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Guam Seal and Flag

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Kaimana Aquino

on 5 May 2014

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Transcript of Guam Seal and Flag

July 4, 1918
– At a ceremony in Hagatna, the Guam flag was raised for the first time.
April 4, 1930
– The formal adoption of the official seal of the territory of Guam, under the administration of Governor Willis W. Bradley Jr.
May 12, 1931
– On this day Governor Willis W. Bradley Jr. reconfirmed the approval of the flag shown on the “Plan of Guam Flag” and that same flag was designated as the Island Flag of Guam.
February 9, 1948
– Red borders on the Guam flag was added after WWII.
Francisco Feja supposedly designed the Guam seal in 1913 and Helen Paul submitted the plans for the Guam flag in 1917 of Feja’s work. There are three stories on how Paul stole Feja’s work:
There are 3 possible inspirations of the
Guam seal and flag:
History of the
Guam Seal and Flag

July 4, 1917
- Governor Roy C. Smith approved and recorded in Washington D.C. the "Plan of Guam Flag".
July 4, 1917
- The center portion of the Guam flag was taken and approved by Governor Roy C. Smith to be the "Official Coat of Arms" for the territory of Guam.
July 6, 1917
– Two days after the “Plan of Guam Flag” was approved, the flag was unveiled for the first time at a Hagatna parade.
February 9, 1948
- The Guam Flag was officially accepted by the Guam Congress.
1.)A photograph by Governor Robert E. Coontz’s collection from 1912.

2.)The works of local artist Francisco Feja.

3.)The works of Helen Paul the wife of a U.S. Navy officer

1) Delfina Feja Arciga is the daughter of Francisco Feja. Her story is that Feja gave one of his paintings to the first lady at the time, and Delfina says Helen Paul must have seen the painting and used it for the design of the flag in 1917.

2) Lawrence J. Cunningham’s story says that he had heard Helen Paul and her husband used to stroll along the waterfront in Agana in the evenings and that is where they met the young Feja as he was painting the Guam seal.

3) Last story is, Bernadita Camacho-Dungca, whose father was a friend of Feja’s says that Feja was sitting on the steps of the governor’s office painting the seal, when Paul came up, saw the painting and exclaimed how wonderful it was. Dungca said that, in Chamorro culture if someone admires something of yours it is customary for you to give it to whoever admires it. She said Feja gave the design to Paul and later used it in her design of the Guam flag.

The Guam seal shows the Hagatna Bay, a coconut tree, a flying proa, two lovers point in the background, GUAM in the center colored red, and encircled by a red oval with points at both ends.
"Guam, Land of the Chamorros"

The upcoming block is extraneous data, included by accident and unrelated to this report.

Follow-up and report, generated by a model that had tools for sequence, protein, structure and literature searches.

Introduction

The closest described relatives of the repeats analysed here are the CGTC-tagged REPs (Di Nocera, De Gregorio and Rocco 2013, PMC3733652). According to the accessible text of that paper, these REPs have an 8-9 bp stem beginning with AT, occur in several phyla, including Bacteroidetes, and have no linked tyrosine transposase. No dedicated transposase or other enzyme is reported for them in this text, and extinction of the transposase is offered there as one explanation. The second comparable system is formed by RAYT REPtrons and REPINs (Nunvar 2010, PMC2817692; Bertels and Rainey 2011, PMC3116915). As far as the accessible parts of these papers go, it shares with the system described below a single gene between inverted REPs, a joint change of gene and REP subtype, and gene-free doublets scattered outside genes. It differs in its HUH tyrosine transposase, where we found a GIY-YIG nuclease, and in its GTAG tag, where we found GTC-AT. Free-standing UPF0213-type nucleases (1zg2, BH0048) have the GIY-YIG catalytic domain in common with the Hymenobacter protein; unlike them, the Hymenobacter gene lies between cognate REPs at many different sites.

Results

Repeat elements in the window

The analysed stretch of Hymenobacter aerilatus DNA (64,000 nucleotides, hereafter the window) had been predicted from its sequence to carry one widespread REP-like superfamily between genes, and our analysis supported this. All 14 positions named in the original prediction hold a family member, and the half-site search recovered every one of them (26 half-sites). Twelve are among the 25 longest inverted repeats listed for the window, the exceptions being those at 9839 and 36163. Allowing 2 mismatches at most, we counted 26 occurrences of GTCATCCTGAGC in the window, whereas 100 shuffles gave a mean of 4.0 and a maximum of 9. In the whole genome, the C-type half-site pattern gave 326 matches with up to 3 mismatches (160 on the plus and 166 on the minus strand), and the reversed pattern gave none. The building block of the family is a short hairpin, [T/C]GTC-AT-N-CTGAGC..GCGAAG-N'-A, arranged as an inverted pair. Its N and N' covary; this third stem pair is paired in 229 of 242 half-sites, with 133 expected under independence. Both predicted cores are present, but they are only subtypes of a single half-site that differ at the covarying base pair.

Full link of article at "http://ns.gov.gu/icons/fecha.guamseal.guampdn.2004feb9.monday.pg2.jpg"
Article of dispute on who designed the seal.
Hagatna Bay
This is the spot that is believed to be the inspiration to the Guam seal and represents the willingness to share resources.
The coconut tree has two meanings:

1.) First, it is the ability to grow in unfertile sand. This is said to represent the determination of the Chamorro people to thrive under any circumstance.

2.) Secondly, it represents the Chamorro’s “Tree of Life” by providing shelter, clothing, and food. The coconut tree played a major role in the lives of the ancient Chamorros.

It symbolizes the strength, intelligence, and skill of the ancient Chamorros, who built and navigated these vessels. It also symbolizes the courage and freedom of the Chamorros.
It portrays the people’s faithfulness and commitment to passing their proud heritage, culture, and language to the future generations.
(Tronkon Niyok)
(Puntan Dos Amantes)
5. Encircling these symbols of strength and culture is an oval pointed at either end. This shape that encircles these symbols mirrors that of the Chamorro sling stone used by ancient Chamorros as a weapon and it represents protection.
åcho' åtupat
According to the Organic Act of Guam 1GCA, Chapter 4, Sections 410 and 411, “The Lieutenant Governor of Guam shall have custody of the Great Seal of the Territory of Guam,” thus the Lieutenant Governor is the official “keeper” of the seal.
Guam Flag | Guam Flags. (n.d.). Retrieved April 22, 2014, from http://hotguam.com/guam-flag
Guam Flag, Colors, Guam Flag Meaning, Pictures, Facts. (n.d.). Retrieved April 27, 2014, from http://www.altiusdirectory.com/Travel/guam-flag.php
Guam Flag. (n.d.). Retrieved April 22, 2014, from http://www.mapsofworld.com/flags/guam-flag.html
The Guam Seal » Office of the Lieutenant Governor of Guam. (n.d.). Retrieved April 20, 2014, from http://lt.guam.gov/the-guam-seal/
Reynolds, L., & Smith, D. (2010, July 26). Guam Seal and Flag | Guampedia: The Encyclopedia of Guam. Retrieved April 20, 2014, from http://guampedia.com/guam-seal-and-flag/
Smith, W. (n.d.). flag of Guam (United States territorial flag) -- Encyclopedia Britannica. Retrieved April 21, 2014, from http://www.britannica.com/EBchecked/topic/1355257/flag-of-Guam
Villaverde , R. (n.d.). The Great Seal and Flag of Guam or Guahan with Description. Retrieved April 20, 2014, from http://ns.gov.gu/seal.html

Thank You
That concludes my presentation on the Guam seal and flag!
By: Kaimana Aquino
Full transcript